The film’s big revelation, preceded by the uber-cliche question from the protagonist, “Why are you doing this?” – was some sort of attempt at social humor, but it did nothing but fall flat. And even if it were to have been sort of interesting – the ridiculousness of it didn’t jive with the seriousness of the family relationships already explored.
Production-wise, I had a few issues. The gore/make-up effects could have been carried out with a bit more panache, and some of the “scary” sequences were so bright, they created absolutely zero suspense or tension. There’s even a basement scene of Kate investigating the house. She picks up a flashlight to explore, but the basement is so well lit, you can see the back wall – which is several yards behind her. No mystery there.
Otherwise, most of the technical components, including camerawork and editing – were all pretty good.
I did have a question. At one point, Kate’s face is sprayed with blood. And for the rest of the film (which must have been a nightmare for the continuity folks), she allows the smeared blood to remain. Just for the sake of the filmmakers’ sanity, why didn’t the character use the adjoining bathroom of the bedroom where they were hiding out – to clean herself up?
The film’s humor never quite hits its mark. Of note in the “almost” category – the pizza delivery guy’s brief appearance and also the clear homage to Ferris Bueller’s Day Off – as one of the criminals (Grant Lyon) debates with himself about his next action (think Cameron Frye’s, “I’ll go, I’ll go, I’ll go” argument), while sitting in a car. This scene went on forever and served no purpose but to try for an audience laugh.
I didn’t laugh.
Not that Lyon provided a bad performance. I found his character sort of goofy and endearing (perhaps better placed in another film). And overall, I liked the performances from the entire cast. But again – think of how powerful the work of these actors could have been – if the story they were telling and the dialogue they were speaking – would have been more focused.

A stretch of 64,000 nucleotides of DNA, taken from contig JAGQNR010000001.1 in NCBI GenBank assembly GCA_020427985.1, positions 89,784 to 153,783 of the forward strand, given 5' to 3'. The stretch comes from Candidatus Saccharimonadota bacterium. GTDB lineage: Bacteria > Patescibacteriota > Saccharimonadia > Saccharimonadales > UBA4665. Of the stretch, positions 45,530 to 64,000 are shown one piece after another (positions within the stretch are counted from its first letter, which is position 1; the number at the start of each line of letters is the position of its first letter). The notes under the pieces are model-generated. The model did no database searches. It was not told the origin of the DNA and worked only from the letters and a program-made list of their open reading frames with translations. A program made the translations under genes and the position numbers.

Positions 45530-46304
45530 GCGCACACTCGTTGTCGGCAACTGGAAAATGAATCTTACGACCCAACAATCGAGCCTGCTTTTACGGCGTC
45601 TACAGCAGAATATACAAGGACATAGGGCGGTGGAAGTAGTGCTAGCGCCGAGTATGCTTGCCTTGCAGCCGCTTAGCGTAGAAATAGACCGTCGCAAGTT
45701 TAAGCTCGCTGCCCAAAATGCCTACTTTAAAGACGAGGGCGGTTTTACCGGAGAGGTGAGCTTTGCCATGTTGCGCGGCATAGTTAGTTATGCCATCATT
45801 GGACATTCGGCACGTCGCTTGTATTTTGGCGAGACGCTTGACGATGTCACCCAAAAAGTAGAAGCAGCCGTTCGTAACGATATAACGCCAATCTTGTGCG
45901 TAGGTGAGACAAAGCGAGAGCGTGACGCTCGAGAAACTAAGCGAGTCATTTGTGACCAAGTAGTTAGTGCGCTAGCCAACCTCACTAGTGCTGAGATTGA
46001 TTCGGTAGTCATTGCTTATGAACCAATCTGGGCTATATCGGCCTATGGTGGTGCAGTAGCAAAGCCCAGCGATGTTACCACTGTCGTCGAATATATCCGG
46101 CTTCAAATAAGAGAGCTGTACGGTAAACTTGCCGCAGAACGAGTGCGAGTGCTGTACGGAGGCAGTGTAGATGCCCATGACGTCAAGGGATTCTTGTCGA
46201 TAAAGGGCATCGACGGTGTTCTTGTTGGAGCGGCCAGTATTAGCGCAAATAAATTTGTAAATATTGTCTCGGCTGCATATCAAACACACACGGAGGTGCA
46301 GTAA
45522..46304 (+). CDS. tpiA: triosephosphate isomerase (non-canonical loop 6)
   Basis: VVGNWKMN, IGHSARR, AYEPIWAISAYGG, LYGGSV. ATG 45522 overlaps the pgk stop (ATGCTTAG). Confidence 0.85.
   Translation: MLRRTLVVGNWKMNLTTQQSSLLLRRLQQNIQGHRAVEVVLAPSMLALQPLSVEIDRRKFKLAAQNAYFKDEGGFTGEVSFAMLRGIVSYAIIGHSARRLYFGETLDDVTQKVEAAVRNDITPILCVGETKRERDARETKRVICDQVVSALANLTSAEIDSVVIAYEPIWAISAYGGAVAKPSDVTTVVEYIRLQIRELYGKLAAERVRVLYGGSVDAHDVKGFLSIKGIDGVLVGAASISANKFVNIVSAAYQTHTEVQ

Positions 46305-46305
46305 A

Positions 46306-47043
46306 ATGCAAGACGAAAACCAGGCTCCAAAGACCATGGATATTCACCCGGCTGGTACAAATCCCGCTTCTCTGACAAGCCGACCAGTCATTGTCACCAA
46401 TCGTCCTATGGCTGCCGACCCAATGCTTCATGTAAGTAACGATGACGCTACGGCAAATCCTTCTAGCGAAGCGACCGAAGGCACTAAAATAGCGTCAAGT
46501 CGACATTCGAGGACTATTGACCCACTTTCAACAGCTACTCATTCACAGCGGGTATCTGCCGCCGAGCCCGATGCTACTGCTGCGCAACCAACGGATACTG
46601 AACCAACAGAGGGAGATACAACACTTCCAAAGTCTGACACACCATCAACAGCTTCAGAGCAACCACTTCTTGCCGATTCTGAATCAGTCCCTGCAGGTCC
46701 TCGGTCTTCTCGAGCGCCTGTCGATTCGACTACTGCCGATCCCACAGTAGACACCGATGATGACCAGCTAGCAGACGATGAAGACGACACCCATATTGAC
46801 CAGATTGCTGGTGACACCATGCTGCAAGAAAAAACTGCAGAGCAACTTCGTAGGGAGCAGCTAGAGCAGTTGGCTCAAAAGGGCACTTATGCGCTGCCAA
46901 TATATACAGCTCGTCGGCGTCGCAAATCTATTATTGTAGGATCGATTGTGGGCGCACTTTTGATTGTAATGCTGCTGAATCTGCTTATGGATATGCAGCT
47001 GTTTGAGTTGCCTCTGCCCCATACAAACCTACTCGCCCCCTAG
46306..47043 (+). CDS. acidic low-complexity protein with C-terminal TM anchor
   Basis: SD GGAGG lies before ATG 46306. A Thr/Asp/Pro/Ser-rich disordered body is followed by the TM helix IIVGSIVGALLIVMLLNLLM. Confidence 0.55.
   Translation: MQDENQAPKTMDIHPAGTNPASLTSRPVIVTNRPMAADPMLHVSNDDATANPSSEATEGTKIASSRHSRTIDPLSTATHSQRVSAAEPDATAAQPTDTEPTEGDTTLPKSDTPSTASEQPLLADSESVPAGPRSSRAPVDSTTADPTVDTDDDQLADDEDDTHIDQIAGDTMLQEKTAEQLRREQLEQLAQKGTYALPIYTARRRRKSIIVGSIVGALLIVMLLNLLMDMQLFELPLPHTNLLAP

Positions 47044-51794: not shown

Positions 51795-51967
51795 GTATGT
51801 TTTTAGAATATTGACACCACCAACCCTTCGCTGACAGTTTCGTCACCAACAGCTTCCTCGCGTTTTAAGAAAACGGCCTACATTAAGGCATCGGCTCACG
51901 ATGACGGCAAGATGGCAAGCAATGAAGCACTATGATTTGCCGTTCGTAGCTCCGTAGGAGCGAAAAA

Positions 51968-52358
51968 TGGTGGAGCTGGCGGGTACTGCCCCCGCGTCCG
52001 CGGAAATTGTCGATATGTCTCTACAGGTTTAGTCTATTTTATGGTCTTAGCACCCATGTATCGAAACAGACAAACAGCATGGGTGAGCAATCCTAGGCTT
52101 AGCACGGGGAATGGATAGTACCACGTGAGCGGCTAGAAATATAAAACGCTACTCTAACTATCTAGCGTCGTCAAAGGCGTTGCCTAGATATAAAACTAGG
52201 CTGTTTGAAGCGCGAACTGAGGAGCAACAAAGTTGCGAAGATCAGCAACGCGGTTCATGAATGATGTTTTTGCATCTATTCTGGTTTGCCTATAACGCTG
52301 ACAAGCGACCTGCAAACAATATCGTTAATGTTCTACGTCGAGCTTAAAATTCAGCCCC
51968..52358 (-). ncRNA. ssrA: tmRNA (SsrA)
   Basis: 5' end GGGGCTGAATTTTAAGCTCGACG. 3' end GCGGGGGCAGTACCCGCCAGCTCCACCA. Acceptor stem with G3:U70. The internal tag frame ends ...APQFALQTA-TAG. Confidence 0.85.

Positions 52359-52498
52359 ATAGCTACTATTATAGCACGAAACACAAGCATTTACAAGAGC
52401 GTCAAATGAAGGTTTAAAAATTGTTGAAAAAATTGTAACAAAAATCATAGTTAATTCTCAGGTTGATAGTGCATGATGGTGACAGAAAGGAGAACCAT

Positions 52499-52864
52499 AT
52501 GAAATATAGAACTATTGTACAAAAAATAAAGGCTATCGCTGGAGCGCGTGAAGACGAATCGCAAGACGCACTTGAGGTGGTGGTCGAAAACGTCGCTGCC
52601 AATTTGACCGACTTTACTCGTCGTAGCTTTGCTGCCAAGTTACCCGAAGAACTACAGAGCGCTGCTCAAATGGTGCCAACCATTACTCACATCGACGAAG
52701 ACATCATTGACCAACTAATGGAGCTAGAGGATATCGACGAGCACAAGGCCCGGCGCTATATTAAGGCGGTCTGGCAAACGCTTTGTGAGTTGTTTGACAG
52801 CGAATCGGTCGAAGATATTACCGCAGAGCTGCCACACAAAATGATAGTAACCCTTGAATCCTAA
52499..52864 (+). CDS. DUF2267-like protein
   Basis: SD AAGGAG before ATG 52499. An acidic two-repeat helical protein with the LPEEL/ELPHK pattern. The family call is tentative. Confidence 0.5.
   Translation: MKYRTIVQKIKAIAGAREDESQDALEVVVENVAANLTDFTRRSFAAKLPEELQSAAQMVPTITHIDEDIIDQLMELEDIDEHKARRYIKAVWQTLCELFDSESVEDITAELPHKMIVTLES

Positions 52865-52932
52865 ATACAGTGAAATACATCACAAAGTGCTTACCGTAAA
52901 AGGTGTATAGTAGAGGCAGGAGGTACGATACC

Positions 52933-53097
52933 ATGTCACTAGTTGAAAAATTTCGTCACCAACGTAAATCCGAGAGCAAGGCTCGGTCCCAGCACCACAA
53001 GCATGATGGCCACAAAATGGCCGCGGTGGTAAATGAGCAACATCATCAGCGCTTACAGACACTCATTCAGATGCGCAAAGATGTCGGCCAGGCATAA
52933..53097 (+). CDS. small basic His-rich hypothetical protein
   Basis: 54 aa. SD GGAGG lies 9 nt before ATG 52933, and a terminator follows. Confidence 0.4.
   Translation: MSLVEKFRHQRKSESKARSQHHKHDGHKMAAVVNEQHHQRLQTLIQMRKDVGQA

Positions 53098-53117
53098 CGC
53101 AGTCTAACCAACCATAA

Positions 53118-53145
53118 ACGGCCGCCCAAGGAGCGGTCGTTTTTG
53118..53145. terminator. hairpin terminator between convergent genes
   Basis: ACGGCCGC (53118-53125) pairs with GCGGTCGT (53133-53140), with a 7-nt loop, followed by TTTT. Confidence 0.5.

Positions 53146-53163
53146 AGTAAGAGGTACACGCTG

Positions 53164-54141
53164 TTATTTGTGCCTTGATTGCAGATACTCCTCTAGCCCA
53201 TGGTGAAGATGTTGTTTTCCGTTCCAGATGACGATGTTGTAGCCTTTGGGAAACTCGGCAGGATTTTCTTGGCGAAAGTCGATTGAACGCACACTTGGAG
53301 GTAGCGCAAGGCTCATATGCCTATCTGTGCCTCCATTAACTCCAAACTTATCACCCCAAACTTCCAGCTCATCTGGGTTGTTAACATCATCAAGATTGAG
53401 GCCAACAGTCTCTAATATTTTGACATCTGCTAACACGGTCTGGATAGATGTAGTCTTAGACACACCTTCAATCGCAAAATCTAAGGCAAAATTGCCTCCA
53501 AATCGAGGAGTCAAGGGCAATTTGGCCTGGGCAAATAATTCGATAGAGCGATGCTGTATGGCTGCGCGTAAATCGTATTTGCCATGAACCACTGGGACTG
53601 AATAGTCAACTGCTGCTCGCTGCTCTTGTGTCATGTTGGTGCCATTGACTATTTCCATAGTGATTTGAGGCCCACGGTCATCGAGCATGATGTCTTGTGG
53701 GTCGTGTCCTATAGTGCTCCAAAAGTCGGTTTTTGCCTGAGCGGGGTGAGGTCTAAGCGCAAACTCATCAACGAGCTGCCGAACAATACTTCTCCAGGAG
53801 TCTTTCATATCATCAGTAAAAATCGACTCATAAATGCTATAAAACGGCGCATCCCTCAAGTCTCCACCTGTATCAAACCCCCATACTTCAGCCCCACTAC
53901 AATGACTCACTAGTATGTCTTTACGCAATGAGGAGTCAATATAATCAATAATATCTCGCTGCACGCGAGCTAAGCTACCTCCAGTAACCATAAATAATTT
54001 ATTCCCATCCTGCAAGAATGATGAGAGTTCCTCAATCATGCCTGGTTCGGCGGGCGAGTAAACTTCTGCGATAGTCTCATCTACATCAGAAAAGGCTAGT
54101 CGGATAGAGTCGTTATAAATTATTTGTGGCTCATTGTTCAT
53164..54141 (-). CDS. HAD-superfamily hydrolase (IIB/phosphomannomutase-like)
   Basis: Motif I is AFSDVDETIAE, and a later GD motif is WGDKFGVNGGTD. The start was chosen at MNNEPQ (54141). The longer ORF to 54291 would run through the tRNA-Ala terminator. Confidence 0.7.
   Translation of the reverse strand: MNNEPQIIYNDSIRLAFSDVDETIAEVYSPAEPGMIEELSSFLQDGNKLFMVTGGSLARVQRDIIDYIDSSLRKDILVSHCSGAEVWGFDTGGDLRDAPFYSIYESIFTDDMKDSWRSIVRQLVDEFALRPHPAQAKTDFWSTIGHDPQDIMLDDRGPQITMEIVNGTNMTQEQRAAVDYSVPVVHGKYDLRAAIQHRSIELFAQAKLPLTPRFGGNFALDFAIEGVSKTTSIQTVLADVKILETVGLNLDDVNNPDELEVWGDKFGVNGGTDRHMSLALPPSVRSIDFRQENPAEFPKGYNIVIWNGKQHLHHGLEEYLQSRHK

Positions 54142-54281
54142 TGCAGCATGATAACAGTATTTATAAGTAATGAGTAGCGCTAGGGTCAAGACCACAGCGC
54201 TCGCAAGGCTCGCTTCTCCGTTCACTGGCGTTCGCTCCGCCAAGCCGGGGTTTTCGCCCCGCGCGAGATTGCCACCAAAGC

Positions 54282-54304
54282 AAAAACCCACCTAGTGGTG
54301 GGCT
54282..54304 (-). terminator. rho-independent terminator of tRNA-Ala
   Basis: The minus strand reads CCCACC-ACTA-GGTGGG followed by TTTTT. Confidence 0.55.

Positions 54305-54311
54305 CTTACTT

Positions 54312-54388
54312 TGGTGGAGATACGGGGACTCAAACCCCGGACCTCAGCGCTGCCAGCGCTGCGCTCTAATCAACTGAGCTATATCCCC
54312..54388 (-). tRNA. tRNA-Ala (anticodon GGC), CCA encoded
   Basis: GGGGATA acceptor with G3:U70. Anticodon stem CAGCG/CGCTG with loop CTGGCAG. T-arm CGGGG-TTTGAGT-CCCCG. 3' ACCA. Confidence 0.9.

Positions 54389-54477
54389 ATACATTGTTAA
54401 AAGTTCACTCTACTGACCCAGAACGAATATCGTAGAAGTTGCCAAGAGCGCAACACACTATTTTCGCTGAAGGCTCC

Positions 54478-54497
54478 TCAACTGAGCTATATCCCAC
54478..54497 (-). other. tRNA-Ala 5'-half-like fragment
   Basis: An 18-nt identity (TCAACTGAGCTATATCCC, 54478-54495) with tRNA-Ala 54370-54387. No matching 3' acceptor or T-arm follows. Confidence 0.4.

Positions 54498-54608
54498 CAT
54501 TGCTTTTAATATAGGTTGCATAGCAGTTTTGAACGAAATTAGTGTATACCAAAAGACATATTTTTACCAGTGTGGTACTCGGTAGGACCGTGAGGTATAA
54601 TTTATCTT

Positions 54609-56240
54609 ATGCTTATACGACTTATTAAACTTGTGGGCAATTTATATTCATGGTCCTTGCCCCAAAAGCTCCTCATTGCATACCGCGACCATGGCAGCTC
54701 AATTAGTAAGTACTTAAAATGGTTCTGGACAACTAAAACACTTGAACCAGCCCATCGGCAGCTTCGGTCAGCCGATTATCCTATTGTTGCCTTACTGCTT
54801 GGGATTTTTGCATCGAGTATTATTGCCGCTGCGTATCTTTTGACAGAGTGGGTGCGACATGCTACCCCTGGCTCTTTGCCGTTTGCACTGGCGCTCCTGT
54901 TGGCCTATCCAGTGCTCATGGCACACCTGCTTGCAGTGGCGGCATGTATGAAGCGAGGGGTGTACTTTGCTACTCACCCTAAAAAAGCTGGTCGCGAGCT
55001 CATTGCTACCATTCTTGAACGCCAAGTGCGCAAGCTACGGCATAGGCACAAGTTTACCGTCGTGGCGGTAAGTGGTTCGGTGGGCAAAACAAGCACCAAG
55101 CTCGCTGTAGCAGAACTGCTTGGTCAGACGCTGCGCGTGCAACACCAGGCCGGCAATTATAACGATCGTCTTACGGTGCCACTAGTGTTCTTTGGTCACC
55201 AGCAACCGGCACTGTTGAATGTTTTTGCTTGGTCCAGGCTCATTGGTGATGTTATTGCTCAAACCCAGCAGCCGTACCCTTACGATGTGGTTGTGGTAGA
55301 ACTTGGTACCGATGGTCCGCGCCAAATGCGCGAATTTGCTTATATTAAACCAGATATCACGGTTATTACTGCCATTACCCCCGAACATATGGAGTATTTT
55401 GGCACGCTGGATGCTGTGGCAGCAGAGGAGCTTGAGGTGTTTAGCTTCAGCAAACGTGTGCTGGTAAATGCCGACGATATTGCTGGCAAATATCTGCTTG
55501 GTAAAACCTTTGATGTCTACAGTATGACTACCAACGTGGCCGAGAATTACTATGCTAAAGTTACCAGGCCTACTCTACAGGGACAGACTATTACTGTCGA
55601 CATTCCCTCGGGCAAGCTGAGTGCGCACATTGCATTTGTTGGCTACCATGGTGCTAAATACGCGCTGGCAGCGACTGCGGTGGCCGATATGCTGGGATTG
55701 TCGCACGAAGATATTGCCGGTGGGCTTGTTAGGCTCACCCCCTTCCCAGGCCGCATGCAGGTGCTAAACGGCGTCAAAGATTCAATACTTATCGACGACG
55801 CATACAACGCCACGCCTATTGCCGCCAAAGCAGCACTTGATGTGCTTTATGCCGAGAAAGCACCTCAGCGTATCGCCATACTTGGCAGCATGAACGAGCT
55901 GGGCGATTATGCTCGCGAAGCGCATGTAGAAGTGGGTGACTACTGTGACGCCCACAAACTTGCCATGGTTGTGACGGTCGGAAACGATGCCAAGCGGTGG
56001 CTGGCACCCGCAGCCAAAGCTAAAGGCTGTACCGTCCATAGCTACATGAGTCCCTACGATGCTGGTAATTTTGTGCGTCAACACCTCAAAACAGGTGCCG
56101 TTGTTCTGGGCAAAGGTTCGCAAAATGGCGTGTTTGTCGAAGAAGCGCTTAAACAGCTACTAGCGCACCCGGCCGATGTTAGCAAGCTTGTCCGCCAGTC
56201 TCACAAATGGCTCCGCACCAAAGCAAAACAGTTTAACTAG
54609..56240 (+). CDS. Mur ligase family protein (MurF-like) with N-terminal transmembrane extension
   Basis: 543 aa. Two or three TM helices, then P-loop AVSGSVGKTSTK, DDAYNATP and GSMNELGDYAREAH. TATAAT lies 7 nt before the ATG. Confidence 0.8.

Frankly, Killer Kate! feels like a missed opportunity. I was genuinely ready to follow the journey of these two sisters. But on that note – there never was a proper explanation of why the women became estranged in the first place. It didn’t necessarily need it – things like this happen in families all of the time. But for the sake of storytelling, a bit more history would have done wonders – if indeed their relationship had remained the focus of the film.
Finally, busy horror actress Tiffany Shepis appears in a supporting role as the only female in the group of bumbling bad guys.
Killer Kate! had me at the beginning, but because it couldn’t really make up its mind – I lost interest. It’s well-acted and well shot, but unless you’re the most brilliant writers and the most talented directors – making a multi-tonal film is almost impossible.
Case in point.
Killer Kate! is scheduled for a limited theatrical release on October 26th, 2018.